It’s not all sad because at the same time excitement is building about getting home and seeing our kids and their families again. There’s nothing to give you that kick in the butt to get moving like having one of your Grandkids ask when Grandma and Grandpa are going to be getting home. There is always some trepidation however, since we all know that the weather will not be the warm 85F that it is here.


We won’t be rushing home this year like we did last spring! Grummy will be put to bed properly and tucked in for a long summer sleep. Then we’ll meander our way home in Rosie taking our time and visiting ruins and parks in Arizona and New Mexico, as well as the ranch of friends we spend the winter with. We were supposed to go last year but, well, fate intervened. Plus, just because we leave here in March doesn’t mean we want to get home in March. We like to wait long enough for Spring to have have sprung. At least that’s the plan so far…


There’s something a little strange about watching the season’s go in reverse as we head home. We leave here and the trees and flowers are in full bloom. All through the southern U.S., everything is green and the trees are in leaf, then gradually as we continue north the leaves slip back into buds and the greenery declines until we reach home where the buds are just starting to show and the landscape has that look of anticipation, just waiting for the right moment to burst forth with the new spring.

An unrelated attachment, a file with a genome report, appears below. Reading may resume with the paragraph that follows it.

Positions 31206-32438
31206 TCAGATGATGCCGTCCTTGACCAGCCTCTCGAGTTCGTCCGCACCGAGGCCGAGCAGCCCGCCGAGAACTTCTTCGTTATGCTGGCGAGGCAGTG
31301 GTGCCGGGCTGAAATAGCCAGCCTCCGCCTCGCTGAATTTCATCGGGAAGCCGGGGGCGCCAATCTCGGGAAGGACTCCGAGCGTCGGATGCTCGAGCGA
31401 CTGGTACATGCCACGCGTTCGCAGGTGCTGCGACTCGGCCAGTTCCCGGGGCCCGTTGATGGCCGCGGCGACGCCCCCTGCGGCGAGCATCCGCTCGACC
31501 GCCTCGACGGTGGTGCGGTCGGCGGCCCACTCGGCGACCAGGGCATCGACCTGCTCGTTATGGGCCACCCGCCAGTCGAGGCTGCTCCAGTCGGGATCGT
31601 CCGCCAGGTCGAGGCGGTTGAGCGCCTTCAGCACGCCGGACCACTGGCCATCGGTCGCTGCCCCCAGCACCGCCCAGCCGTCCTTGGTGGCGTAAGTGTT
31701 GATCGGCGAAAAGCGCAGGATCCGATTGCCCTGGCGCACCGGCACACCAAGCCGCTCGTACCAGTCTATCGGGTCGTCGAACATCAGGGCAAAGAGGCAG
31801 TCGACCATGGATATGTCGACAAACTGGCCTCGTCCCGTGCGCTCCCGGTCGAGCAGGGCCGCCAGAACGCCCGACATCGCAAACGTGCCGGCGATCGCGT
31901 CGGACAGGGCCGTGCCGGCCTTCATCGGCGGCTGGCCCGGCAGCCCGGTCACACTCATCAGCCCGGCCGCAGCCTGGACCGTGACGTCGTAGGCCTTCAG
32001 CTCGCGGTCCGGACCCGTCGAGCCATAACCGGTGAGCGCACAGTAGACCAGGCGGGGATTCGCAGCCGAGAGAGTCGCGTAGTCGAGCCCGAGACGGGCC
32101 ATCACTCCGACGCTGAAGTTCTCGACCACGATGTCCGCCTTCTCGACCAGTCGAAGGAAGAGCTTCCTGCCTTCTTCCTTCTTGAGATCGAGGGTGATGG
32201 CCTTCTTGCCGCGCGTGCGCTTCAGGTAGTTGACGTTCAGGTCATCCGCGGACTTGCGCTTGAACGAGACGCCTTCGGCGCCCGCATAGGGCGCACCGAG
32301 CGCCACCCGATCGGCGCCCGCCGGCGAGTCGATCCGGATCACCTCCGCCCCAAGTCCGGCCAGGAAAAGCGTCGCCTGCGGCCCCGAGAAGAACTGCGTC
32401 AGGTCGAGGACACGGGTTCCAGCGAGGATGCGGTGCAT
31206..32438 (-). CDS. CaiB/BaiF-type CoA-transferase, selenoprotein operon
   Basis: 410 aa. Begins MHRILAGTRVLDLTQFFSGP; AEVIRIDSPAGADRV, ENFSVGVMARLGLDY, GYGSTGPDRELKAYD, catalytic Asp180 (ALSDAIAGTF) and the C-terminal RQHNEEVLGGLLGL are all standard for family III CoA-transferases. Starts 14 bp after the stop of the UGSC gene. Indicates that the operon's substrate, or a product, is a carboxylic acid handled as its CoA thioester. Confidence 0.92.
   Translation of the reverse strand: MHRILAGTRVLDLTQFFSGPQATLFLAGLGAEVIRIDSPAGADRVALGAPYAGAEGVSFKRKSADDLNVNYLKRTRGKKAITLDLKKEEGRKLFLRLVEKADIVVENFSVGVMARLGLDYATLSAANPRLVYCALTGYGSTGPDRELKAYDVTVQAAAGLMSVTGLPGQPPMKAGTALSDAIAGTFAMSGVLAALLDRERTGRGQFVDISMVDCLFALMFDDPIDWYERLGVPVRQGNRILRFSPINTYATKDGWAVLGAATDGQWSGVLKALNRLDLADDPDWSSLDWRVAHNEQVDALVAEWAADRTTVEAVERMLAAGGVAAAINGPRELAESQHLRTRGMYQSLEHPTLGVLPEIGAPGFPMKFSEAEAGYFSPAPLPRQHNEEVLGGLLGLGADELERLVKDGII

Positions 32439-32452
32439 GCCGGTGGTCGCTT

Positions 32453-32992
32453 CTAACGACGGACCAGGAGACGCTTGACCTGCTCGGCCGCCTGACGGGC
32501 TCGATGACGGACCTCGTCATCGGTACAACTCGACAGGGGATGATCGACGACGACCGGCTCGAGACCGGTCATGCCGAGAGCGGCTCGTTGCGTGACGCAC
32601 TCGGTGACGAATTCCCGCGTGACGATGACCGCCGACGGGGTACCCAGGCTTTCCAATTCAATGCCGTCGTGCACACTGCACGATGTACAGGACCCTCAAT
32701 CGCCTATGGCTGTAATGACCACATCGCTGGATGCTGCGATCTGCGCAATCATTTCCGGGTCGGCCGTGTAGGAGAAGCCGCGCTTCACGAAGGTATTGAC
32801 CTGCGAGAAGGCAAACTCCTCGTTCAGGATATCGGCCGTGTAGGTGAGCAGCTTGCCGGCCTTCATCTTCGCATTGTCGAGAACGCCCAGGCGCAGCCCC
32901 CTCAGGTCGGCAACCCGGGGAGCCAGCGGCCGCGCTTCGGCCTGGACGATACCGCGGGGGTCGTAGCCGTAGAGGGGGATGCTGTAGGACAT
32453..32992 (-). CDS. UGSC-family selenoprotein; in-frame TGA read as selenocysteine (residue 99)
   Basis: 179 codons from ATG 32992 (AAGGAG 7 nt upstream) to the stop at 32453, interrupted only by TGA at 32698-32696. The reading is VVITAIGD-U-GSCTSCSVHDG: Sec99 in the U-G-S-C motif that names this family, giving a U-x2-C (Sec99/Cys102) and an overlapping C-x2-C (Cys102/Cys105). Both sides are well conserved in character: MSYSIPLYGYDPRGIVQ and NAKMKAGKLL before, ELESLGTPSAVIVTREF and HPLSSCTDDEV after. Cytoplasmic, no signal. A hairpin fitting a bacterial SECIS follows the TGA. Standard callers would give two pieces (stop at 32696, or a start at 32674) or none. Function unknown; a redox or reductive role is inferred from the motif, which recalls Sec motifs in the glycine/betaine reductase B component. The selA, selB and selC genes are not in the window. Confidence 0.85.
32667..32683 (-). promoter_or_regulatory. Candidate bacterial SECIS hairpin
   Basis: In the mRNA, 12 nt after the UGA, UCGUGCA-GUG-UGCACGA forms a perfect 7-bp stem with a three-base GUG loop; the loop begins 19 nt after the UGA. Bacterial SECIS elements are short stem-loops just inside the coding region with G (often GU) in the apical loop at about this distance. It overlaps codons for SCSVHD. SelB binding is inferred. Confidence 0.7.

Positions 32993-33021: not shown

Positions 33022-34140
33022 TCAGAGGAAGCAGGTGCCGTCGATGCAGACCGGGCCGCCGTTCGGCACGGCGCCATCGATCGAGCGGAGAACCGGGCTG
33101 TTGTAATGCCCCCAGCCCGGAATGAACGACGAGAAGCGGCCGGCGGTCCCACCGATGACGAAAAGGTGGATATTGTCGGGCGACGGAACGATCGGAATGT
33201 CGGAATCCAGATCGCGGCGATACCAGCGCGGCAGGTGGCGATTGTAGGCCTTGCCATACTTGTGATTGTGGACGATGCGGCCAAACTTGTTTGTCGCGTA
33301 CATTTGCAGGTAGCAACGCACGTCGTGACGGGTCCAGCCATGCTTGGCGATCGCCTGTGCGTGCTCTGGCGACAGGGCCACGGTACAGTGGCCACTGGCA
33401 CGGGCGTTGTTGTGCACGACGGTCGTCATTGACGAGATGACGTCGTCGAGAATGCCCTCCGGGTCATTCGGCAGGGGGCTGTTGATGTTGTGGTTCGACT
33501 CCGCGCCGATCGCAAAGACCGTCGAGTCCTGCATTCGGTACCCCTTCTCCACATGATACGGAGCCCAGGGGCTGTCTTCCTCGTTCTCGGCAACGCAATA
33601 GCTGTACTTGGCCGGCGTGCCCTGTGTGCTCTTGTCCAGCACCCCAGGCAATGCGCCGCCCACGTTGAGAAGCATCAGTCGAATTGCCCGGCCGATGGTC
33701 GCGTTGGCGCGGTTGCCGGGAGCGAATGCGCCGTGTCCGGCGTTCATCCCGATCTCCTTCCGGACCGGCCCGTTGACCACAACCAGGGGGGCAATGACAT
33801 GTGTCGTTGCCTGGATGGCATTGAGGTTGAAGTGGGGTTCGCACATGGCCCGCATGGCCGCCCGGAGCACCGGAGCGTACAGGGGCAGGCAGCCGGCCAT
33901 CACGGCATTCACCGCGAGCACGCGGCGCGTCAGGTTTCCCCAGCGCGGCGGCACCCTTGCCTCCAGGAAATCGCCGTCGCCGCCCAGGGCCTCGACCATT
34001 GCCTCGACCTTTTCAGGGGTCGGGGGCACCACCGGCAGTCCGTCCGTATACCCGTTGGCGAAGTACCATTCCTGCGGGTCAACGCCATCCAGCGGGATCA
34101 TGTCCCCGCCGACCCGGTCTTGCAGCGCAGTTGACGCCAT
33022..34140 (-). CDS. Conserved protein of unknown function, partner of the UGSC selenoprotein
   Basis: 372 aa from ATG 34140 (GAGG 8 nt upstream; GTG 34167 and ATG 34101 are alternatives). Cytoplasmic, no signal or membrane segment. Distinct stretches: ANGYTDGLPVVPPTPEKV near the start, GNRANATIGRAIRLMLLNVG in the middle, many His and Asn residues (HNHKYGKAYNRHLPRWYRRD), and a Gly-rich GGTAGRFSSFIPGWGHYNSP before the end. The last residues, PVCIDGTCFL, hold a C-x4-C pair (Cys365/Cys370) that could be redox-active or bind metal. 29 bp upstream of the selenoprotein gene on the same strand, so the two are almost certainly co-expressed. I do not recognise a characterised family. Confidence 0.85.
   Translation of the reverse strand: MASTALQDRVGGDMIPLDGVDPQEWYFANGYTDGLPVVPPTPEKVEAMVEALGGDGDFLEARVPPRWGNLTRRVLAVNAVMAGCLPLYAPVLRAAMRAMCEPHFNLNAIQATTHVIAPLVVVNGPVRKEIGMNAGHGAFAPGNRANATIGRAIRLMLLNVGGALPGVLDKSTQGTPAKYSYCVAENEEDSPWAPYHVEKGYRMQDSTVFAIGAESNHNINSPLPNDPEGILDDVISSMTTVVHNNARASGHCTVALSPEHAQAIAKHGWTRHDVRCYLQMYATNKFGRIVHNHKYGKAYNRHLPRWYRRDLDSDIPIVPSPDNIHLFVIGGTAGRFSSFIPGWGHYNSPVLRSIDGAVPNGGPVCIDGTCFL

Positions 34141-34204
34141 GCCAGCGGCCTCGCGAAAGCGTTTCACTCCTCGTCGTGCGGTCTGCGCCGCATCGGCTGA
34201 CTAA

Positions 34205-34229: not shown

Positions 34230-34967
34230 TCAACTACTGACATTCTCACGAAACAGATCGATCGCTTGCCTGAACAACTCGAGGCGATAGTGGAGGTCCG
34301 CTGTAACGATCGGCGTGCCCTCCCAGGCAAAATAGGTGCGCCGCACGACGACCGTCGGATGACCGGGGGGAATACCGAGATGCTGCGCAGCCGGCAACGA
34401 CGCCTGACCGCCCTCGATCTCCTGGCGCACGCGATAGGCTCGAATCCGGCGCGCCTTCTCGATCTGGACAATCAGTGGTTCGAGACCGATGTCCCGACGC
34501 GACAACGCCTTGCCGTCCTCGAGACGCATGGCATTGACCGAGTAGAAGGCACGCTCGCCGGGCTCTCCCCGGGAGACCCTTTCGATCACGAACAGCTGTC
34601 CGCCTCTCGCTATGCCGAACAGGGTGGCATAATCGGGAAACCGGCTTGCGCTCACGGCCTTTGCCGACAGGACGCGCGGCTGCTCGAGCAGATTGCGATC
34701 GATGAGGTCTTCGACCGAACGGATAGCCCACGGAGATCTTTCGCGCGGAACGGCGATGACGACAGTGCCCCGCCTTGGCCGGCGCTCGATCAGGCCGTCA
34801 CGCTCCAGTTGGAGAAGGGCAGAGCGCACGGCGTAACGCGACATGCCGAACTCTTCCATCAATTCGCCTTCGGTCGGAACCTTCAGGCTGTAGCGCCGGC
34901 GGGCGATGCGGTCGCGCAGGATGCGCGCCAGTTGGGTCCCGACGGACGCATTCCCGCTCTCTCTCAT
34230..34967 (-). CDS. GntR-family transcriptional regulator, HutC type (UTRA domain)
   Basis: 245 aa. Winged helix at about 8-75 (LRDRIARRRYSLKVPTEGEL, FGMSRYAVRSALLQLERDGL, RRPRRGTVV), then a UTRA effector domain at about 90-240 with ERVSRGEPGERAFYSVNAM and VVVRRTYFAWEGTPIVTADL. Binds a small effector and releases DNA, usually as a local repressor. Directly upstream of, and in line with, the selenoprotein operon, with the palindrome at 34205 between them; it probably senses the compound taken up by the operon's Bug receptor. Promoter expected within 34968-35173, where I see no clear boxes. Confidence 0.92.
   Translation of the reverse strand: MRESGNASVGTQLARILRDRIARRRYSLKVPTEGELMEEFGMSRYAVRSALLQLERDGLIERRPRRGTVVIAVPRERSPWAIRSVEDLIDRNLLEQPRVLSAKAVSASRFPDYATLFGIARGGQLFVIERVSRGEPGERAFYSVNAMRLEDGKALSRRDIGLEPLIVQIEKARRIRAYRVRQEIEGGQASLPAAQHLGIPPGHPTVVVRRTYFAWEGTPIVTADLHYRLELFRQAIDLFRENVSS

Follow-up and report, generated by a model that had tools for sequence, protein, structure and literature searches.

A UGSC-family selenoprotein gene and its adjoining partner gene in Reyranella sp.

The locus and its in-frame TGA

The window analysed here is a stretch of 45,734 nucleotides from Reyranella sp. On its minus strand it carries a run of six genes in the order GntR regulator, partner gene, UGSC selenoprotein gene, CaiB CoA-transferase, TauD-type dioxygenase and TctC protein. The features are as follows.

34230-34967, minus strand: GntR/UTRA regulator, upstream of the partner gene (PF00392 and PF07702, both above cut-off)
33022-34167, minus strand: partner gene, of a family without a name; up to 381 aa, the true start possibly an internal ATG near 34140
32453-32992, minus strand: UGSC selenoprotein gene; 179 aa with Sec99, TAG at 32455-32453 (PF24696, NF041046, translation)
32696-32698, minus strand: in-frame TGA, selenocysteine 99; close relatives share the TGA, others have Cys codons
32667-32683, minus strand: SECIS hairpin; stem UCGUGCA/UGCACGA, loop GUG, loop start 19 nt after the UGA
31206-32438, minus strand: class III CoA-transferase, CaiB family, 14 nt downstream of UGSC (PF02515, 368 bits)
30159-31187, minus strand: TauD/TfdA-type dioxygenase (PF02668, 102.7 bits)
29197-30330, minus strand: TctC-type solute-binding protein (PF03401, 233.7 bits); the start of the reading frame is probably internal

In some ways we’re going to be swept out of our campsite this year as the winds which were mostly gentle for much of the winter have come back with a vengeance. For the last little while we’ve had tremendous blows, one that lasted 2 full weeks, with average wind speeds of more than 20 knots and gusts pushing 35.


I know that at home those wind speeds are not considered very big. Hell, I guided regularly in winds over 35, but with the geography here, winds of that speed push the water to deadly proportions. This is the height of the tourist season so there are Kayakers everywhere and due to heavy winds, we had an almost fatal accident just off Rattlesnake Beach 2 weeks ago. Everything worked out thanks to a very experienced Kayak guide from one of the local companies and a Pangero (a panga operator) who braved the heavy seas.